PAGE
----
KALE

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KALE
City Richland, Washington
Broadcast area Tri-Cities
Branding Santa 106.1
Frequency 960 kHz
Translator(s) 106.1 K291BS (Richland)
First air date 1950 (at 900)
Format Stunting (Christmas music)
Power 5,000 watts day
1,000 watts night
Class B
Facility ID 63359
Transmitter coordinates 46°14′34″N 119°10′41″W / 46.24278°N 119.17806°W / 46.24278; -119.17806Coordinates: 46°14′34″N 119°10′41″W / 46.24278°N 119.17806°W / 46.24278; -119.17806
Former frequencies 900 kHz (1950-1952)
Affiliations Jones Radio Network
Owner James Ingstad
(Ingstad Radio Washington, LLC)
Sister stations KJOX, KIOK, KUJ-FM, KEGX, KKSR
Webcast Listen Live
Website classichits1061.com

KALE (960 AM) is a radio station broadcasting a classic hits format. Licensed to Richland, Washington, United States, the station serves the Tri-Cities, Washington area. The station is owned by James Ingstad of Fargo, North Dakota and features programing from Jones Radio Network.[1]

History[edit]

KALE began broadcasting in 1950 on AM 900 kHz and was owned by Yakima Broadcasting Corp. KALE had a Top-40 radio format until the early 1980s when it switched to a more adult contemporary format. The station's first Program Director was Dave Dorris. He was also their first Chief Engineer. Notable disc jockeys who worked at KALE include Gary Crow, Bill Templeton, Chris Michaels, Chuck Bryson, Dave Bauer, Chris Bartells (deceased, 2015), Ric Hubbard (also PD), Bruce Butterfield, Gary Danielson, Tom Lacko, Dan Brown, Jim O'Brien, Tom Mann (PD early 70s, deceased), Steve Lander, Ziggy Friedman, Dean LeMaster, Barry Michaels, Bob Taylor, Dave Conrad, Jonathan Walker, Sam Cassell, Dave Victor, Tim Edwards, Damon Lord (deceased), Mark West, Steve Thomas, Hank Simon, Larry Herpel and Les Leigh. Mike Purdy (also PD), News reporters include Mike Conklin, Patricia Robbins, Kirk Williamson and Peter Nugent. Dave Dorris, Bill Glenn and Chuck Bryson were among the engineers employed at the station over the years.

KALE reached its zenith as an AM station during the early to mid-1970s under the direction of manager Rod Loudon, according to Conklin who was the station's news director from 1973 until 1977. The station was consistently at or near the top of the age 18-to-49 ratings block (as well as among teens) and frequently led the market in sales billings. The news department won numerous regional and statewide Society of Professional Journalists awards. KALE's ratings dominance waned as listeners began migrating from AM to FM during the latter 1970s and early 1980s, Conklin said.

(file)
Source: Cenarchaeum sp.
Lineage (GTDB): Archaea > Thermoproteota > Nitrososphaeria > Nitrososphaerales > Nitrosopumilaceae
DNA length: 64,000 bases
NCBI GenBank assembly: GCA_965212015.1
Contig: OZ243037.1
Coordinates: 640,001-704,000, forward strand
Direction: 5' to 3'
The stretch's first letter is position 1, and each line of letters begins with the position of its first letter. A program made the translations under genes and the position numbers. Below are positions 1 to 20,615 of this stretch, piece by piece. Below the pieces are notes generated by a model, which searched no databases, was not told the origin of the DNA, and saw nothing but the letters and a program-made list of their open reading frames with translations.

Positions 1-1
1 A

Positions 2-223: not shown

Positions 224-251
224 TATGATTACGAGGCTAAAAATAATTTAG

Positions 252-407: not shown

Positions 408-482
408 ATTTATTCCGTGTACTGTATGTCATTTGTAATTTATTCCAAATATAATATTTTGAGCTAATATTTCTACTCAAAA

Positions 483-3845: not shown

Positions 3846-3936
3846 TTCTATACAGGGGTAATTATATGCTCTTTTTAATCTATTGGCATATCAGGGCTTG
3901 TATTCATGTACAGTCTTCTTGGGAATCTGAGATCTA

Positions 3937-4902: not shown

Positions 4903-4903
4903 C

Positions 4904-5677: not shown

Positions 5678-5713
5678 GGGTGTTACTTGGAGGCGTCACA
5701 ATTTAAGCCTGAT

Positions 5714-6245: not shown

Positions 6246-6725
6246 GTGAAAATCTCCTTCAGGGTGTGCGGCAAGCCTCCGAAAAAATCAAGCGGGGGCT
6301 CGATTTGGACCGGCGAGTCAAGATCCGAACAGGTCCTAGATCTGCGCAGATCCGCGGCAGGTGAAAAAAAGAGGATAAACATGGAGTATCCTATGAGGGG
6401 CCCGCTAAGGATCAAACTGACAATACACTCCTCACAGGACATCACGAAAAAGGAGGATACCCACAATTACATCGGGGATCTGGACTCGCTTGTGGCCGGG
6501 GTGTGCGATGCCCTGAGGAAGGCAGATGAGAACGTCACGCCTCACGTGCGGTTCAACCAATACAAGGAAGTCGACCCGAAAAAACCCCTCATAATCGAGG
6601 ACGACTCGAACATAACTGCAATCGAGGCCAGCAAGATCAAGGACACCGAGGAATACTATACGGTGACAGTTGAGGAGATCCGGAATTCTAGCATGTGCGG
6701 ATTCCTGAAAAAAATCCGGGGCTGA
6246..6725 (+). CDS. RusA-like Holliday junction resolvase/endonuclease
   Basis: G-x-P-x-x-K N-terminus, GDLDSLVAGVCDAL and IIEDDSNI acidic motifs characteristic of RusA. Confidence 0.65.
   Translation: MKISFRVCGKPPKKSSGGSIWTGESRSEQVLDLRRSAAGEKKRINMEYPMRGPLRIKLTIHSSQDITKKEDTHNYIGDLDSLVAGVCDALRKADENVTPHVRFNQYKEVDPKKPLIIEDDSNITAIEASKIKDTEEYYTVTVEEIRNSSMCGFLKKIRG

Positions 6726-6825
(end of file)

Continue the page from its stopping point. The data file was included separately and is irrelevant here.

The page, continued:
In the 1970s the station was owned by Sterling Recreation Organization and later was owned by Revitalization Partners, before New Northwest Broadcasters purchased the station. In December 2010, Townsquare Media announced it was acquiring 12 stations owned by New Northwest Broadcasters. Since they were already owners of 11 stations in the Yakima and Tri-city areas they planned to spin off 11 stations once the sale closed. Townsquare was planning to move some formats to new frequencies and some call signs were expected to change as well but in July, 2011, the FCC stopped Townsquare Media's plan to buy 12 Tri-City and Yakima radio outlets from New Northwest Broadcasters. According to the July 30, 2011, Tri-City Herald, "An eight-page letter from the FCC to Townsquare released on the agency's website Friday said that proposed use of a divestiture trust was a substantial departure from the kinds of uses previously approved by the commission and dismissed five sets of applications that would have reassigned the radio station licenses."[2]

On November 6, 2011, the Tri-city Herald reported that a Fargo, N.D., radio owner was paying more than $6 million to purchase 12 stations in the Tri-Cities and Yakima currently owned by New Northwest Broadcasters. Ingstad Radio Washington agreed to purchase — at a discount — more than $16 million in debt owed by Seattle-based New Northwest Broadcasters from a creditor, CIT Group. The Tri-Cities stations included in the sale are: KUJ-FM, a Top-40 hits station; KIOK-FM, a country station; KEGX-FM, a classic rock station; KTCR-AM, talk radio; KKSR-FM, a variety hits station; and KALE-AM, a FOX Sports affiliate. The Yakima stations are: KXDD-FM, a country station; KRSE-FM, a variety hits station; KJOX-AM, an ESPN affiliate; KARY-FM, an oldies station; KBBO-AM, a news radio station and KHHK-FM, a contemporary hit music station. The discounted price for Ingstad is about $6.7 million for all 12 stations.[3]

According to the Tri-city Herald on May 16, 2012, KALE switched to a “Country Legends” classic country format and is now known as "960 Country Legends" and the sports format it had has moved to sister station AM 1340.

KALE's broadcast studios were initially at the transmitter site at Road 68 in Pasco, WA. The studios then moved to 218 W. Kennewick Ave., Kennewick, WA. In 1978 the studios moved again to 310 W. Kennewick Ave. when KALE's FM station, KIOK, FM 94.9, was licensed and began broadcasting. The site at 310 W. Kennewick Ave. was the former site of the historic Benton Theatre which, at the time of the move, was also owned by Sterling Recreation Organization. After broadcasting from North Columbia Center Blvd. in Kennewick for several years, KALE moved to its current home at 4304 S. 24th Ave in Kennewick, WA in 2012.

On February 24, 2016 KALE changed their format to adult contemporary, branded as "106.1 More FM" (also simulcast on FM translator K291BS 106.1 FM Richland, Washington).[4]

On September 19, 2016 KALE changed their format from adult contemporary to classic hits, branded as "Classic Hits 106.1", swapping formats with KKSR 95.7 Walla Walla.[5]

[edit]

KALE logo.png (KALE's logo under previous ESPN Radio affiliation)

References[edit]

External links[edit]